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[149] ‘No, sir; he cannot do it, sir. I should tear him to pieces’! And Shields did not do it, because he could not!

The two Yankee Generals have now had their forwardness a little rebuked; are taught to keep their places quietly until they are wanted. The Sabbath-eve has descended as calmly as though no blood or crime had polluted it, and Jackson has rested until the midnight hour ushers in the working day with a waning moon. He then addresses himself to his work and takes the aggressive. The trains are sent over to Ewell to carry rations to his hungry men and to replenish the guns with their horrid food; a foot bridge is prepared for the infantry over South river, by which they may be passed towards Lewiston. Ewell is directed to creep away at daybreak, from Fremont's front, leaving only a skirmish line to amuse him, and to concentrate against Shields. Colonel Patton, one of the two commanders who are to lead this line, is sent for to receive his personal instructions from Jackson. ‘I found him,’ says Colonel Patton, ‘in the small hours of the night, erect, and elate with animation and pleasure. He began by saying: “I am going to fight. Yes, we shall engage Shields this morning at sunrise. Now, I wish you to throw out all your men before Fremont as skirmishers, and to make a great show, so as to cause the enemy to think the whole army are behind you. Hold your position as well as you can; then fall back when obliged; take a new position; hold it in the same way, and I will be back to join you in the morning.” ’ Colonel Patton reminded him that his brigade was small, and that the country between Cross-Keys — and the Shenandoah afforded few natural advantages for protecting such manoeuvres. He therefore desired to known for how long a time he would be expected to hold Fremont in check. He replied: ‘By the blessing of Providence, I hope to be back by ten o'clock.’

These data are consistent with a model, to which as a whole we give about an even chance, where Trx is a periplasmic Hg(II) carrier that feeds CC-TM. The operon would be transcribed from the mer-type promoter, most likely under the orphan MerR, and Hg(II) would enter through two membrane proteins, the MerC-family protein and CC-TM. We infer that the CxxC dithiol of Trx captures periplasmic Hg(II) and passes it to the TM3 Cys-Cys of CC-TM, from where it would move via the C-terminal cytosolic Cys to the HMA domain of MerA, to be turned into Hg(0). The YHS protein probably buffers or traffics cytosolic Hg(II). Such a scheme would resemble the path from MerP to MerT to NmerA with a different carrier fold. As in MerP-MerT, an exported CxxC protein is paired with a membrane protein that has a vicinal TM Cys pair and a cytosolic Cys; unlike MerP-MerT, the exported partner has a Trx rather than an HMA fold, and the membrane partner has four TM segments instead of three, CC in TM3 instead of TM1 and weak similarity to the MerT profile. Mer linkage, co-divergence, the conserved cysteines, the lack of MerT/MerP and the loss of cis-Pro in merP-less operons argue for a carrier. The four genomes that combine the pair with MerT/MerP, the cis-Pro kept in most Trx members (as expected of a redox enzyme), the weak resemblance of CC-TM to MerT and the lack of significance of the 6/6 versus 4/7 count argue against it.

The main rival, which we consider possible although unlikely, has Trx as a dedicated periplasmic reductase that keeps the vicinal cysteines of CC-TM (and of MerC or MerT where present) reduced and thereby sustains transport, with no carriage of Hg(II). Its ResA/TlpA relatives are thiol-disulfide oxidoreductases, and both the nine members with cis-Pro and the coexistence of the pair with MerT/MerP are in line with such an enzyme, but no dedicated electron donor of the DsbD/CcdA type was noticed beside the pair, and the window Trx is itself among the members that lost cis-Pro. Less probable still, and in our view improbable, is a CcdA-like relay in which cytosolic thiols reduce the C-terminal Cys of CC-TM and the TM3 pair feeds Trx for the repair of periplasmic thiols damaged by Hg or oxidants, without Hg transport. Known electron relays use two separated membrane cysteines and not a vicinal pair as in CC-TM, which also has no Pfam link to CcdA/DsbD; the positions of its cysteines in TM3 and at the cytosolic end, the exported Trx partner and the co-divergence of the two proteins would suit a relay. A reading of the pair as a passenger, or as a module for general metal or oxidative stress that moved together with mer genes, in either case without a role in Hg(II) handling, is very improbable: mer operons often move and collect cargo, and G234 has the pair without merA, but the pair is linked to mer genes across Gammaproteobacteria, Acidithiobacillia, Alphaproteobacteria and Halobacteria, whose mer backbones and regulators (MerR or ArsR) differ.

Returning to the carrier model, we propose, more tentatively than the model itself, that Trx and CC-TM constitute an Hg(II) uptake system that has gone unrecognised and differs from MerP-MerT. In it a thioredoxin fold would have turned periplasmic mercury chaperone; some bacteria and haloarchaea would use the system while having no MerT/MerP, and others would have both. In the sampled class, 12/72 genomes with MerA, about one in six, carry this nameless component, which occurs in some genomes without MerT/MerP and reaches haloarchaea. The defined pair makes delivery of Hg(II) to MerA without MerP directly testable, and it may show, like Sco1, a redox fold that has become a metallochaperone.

Here then we have the disclosure of his real plan, to which he makes no reference in his own official report. He proposed to finish with Shields, peradventure to finish Shields, by ten o'clock. Five hours should be enough to settle his account, and he would then go straight back to see after Fremont. By ten o'clock of the same day he would meet his retreating skirmish line north of the river, arrest the retrograde movement and be ready, if Fremont had stomach for it, to fight a second pitched battle with his army, more than double the one vanquished in the morning. As to the measure of Shield's disaster, it was to be complete; dispersion and capture of his whole force, with all his material. As Napoleon curtly said at the battle of Rivoli, concerning the Austrian division detached around the mountain to


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